There is a sense of anticipation building for Amazon Prime’s Lord Of The Rings series (Rings Of Power), which will be released in September 2022.
After the name of the series – Rings of Power – was released by the streaming platform, fans began speculating on social media on what it all meant.
While there was precious little information in the promotional video – beyond a focus on the rings of power – that doesn’t deter Tolkien experts from analysing every frame of the clip to come up with some strong hypotheses. Below, we want to dive into that.
First, however, if you want some of the technical details of the series, such as who is slated to direct and star in Rings of Power, Small Screen covers that here.
Our goal is to look beyond the cast and series details by exploring what Rings of Power could mean through the context of the Tolkien legendarium.
In short, we want to discuss we know about where Rings of Power will fit in Tolkien’s universe.
The short answer to all that is Rings of Power will take place in the Second Age of Middle Earth (spoilers ahead), starting with the establishment of Númenor, the forging of the great rings, Sauron’s unmasking and rise to power in Middle-Earth, the Downfall of Númenor, and culminating in Sauron’s defeat by the Last Alliance.
You saw a glimpse of the latter in the prologue to Peter Jackson’s Fellowship of the Rings.
Wiggle room for scriptwriters
Now, those few lines above summarise a period of 3,441 years. So it’s a bit like saying you are setting a television series on earth circa 1400BC – 2000AD. While Tolkien’s world has, of course, some very long-lived characters, the point is that we are talking about a very long time period, where a lot of stuff happens.
Perhaps what is important here is to what extent the series producers follow the linear path of Tolkien’s canon or whether they veer off to fill in the blanks.
While the Second Age went on for over 3,000 years, Tolkien only gives us glimpses into it; signposts, if you will.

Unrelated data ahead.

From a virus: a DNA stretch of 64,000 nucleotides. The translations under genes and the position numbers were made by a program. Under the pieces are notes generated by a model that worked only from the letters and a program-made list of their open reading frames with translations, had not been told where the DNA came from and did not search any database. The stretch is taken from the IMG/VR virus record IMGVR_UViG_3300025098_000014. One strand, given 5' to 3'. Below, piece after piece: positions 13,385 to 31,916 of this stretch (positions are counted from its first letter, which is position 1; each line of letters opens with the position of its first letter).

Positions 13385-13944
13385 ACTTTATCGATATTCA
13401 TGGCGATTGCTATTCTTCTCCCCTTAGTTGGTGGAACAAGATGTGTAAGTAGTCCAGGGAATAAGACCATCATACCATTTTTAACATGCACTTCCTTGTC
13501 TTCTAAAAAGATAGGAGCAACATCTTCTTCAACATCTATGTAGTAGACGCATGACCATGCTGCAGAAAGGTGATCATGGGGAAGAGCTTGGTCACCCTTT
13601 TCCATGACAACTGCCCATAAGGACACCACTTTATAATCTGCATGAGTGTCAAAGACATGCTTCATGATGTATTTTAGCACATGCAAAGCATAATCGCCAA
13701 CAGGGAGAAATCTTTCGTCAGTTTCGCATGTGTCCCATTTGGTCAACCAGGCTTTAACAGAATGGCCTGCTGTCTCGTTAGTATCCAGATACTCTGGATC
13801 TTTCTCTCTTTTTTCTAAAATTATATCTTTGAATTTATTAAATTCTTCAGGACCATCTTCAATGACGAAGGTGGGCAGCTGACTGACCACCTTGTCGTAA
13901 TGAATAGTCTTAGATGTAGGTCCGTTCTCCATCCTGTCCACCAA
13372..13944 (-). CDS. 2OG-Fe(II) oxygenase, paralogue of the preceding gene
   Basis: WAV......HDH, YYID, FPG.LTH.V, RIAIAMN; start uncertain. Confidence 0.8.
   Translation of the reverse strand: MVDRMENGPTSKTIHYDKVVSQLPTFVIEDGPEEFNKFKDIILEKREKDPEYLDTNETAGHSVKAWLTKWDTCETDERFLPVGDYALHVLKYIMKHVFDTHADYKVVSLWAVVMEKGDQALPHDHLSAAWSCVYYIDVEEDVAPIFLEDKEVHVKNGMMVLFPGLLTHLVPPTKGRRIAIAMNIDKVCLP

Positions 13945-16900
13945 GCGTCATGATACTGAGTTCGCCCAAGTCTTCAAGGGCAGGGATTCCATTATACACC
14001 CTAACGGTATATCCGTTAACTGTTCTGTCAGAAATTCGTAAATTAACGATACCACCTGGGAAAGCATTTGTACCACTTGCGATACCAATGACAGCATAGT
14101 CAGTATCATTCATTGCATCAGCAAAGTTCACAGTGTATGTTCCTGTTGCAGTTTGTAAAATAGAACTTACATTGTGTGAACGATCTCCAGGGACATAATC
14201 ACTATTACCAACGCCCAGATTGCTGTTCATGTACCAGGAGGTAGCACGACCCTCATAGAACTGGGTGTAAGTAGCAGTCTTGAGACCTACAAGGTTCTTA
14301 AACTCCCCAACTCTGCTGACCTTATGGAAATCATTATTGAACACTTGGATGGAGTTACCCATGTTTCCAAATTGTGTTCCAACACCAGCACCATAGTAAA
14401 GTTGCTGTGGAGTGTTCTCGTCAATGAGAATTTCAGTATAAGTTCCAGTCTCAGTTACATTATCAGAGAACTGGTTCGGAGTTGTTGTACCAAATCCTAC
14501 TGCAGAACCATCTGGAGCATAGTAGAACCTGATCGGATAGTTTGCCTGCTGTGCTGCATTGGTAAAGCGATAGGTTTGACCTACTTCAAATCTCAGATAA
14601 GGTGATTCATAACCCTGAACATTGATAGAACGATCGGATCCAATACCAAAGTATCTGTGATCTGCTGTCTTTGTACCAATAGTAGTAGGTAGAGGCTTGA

There is not the dialogue or character building that you will find in the Lord of the Rings books.
We know what Isildur, Ar-Pharazôn, Sauron, and Celebrimbor did in the Second Age, but we do not know in many cases how they did it, or what their character traits were like.
This will leave many blanks to fill for the producers and scriptwriters, and it will allow them to go down many untrodden avenues.
Tonally, Tolkien’s works have much in common with Norse mythology.
Those legends fathered Tolkien’s works, as well as everything from Marvel’s Thor to a Norse-themed Thunderstruck slot or God of War video game.
Elves, orcs, dwarfs, and dragons all issued from Norse legend, with Tolkien formatting them to something akin to what we know today.
He didn’t create high fantasy or set all the rules for it, but he created a codex for many to follow.
That gives interpreters some freedom of expression when translating to movies or television.
New female characters should be created
In today’s climate, it is probably best that there is a sense of freedom when exploring the Second Age.
As many critics have pointed out, Tolkien wasn’t so strong in writing female characters with a lot of depth.
Galadriel is expected to appear in Rings of Power (she’s rumoured as a major character), and while she isn’t being shoehorned into the Second Age (she’s a ripe age and was around then), there isn’t a huge amount of information on her deeds in that era.
Other female characters will likely be created specifically for the show, which Tolkien purists will likely be upset about.
However, beyond being the right thing to do in 2022, there are many blanks to fill in during the Second Age, so why not create interesting female characters? The scope is certainly there.
And that, perhaps, is the point.
We know that the five seasons will cover the Second Age, but we also know there is no Tolkien book that covers the Second Age from start to finish, providing a linear story complete with dialogue and detailed character info.
We know about it in snippets from The Lord of the Rings, The Silmarillion, and other notes compiled by Tolkien and organised and published by his son, Christopher.
We should not criticise Amazon Prime for creating new stories and characters, because Tolkien left a lot of wiggle room to do that.
The good news is that Tolkien has provided enough intriguing signposts to ensure that the scriptwriters don’t veer off course completely and disappoint fans in the vein of the Game of Thrones finale.
If, as expected, it climaxes with the War of the Last Alliance, then that’s the perfect conclusion that will allow the five seasons to build towards an epic finale.
Prequels sometimes have a built-in problem in that the audience knows what comes next; they can feel inconclusive.
But there is enough here to not fall into that trap. It should be a grand conclusion.
The task for the producers, though, is to keep us all gripped along the way.